UNDERSTAND I NG POST-PANDEMI C APARTMENT CAP RATES Reporters and analysts often refer to the average “cap rate” or “cap” for a type of property in a given market. For example, they might say, “Class A multifamily in the Denver CBD is trading at a 4-cap”. Exactly does this mean?
Translated from broker speak, this means that all the newer apartment buildings with modern amenities that sold recently in the central business district of Denver were purchased at an average price for which the projected 12 months of net operating income (“NOI”) of each property was 4% of said price (without factoring loan servicing, depreciation or taxes). The translation is a mouthful—jargon is clearly more economical. In mathematical terms, we can define capitalization (“cap”) rates like this:
Another way of expressing cap rates is to say, “For a given property type in a particular area, investors expect to receive a specific stream of income.” Cap rates can be described locally or nationally, for different sectors of real estate and for different classes. With the exception of 2008-2010, we have enjoyed a long decline in national average apartment cap rates over the last 20 years. Indeed, since 2010 the change has been a nearly linear decrease from 7.25% to 5%. All things being equal, if you bought an apartment building for $25 million in 2010 (NOI = $1,812,500) and saw no increase in income, your property in the same condition would be worth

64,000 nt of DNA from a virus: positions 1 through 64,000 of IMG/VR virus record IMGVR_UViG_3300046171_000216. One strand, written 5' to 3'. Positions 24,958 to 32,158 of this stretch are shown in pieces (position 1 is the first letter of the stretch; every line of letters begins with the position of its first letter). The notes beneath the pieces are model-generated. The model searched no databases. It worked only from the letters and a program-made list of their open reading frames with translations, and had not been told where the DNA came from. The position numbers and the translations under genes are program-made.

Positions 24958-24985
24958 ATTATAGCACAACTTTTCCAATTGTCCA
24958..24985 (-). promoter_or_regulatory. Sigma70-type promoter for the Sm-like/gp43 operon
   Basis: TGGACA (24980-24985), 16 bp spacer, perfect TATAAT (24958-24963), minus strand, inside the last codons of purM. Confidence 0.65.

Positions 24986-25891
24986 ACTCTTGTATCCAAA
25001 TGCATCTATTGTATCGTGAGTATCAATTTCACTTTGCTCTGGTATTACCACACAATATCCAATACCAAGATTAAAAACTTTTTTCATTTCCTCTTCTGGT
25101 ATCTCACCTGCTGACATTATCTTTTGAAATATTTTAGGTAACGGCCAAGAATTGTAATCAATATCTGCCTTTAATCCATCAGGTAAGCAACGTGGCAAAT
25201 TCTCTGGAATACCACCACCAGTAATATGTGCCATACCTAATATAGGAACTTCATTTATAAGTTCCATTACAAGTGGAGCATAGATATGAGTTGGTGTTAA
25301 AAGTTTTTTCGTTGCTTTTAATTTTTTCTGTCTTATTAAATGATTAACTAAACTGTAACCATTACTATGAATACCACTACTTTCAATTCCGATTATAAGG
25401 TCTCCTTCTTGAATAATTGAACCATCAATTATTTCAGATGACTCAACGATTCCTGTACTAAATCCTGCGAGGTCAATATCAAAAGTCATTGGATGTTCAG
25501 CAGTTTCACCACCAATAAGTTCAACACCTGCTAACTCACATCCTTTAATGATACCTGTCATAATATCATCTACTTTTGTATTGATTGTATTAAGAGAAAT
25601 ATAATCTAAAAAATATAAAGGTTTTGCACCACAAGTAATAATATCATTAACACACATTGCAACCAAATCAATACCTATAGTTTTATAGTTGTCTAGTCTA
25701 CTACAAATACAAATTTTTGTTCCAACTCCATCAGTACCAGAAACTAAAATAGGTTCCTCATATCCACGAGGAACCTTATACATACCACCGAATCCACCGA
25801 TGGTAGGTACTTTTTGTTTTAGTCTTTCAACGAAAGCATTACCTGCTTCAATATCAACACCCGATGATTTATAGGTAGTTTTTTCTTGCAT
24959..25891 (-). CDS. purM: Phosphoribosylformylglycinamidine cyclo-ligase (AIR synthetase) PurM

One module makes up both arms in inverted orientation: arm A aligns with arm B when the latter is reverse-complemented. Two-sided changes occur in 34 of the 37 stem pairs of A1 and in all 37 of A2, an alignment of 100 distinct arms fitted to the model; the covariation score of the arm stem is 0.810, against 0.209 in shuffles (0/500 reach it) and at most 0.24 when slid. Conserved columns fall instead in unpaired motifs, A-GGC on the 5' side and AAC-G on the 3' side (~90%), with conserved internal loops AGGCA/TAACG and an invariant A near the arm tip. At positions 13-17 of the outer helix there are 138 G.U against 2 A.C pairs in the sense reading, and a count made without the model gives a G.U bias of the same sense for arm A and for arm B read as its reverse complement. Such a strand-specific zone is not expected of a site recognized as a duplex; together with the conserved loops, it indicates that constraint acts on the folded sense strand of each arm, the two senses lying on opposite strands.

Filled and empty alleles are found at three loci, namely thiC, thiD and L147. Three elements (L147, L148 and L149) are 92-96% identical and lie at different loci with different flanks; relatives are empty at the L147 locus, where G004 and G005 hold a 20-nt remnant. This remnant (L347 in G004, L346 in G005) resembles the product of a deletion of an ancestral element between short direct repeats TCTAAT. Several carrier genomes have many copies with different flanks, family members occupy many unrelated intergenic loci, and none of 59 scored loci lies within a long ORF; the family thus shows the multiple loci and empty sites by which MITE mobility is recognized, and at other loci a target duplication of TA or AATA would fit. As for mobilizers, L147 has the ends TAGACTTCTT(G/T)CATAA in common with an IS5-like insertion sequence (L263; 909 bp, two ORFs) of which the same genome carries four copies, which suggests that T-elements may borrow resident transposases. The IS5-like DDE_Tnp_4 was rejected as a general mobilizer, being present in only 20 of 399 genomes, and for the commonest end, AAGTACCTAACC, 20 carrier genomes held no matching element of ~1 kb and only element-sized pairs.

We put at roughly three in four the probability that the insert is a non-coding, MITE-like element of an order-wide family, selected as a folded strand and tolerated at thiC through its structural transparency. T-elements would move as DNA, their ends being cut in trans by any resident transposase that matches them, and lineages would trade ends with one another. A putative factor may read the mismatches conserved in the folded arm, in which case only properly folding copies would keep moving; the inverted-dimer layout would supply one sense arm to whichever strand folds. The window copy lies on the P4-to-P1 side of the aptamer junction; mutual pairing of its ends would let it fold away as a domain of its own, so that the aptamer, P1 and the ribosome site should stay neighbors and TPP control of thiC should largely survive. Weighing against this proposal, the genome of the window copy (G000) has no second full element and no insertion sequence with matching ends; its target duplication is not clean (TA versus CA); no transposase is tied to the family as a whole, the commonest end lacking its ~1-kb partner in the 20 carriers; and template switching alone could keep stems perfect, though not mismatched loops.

rate compression.” When interest rates decline and large investors continue to have capital to chase deals, in the absence of major risk events, cap rates will fall. In turn, this causes prices of investment properties to rise.
Cap rates are primarily the function of:
Interest rate changes Relative availability of investment capital Varying perceived risks associated with each property type
Average Cap Rate = 12mo NOI / Purchase Price (for all recent transactions of a specific property type and location)
$36,250,000 today ($1,812,500 ÷ 5%).
This is the power of “cap
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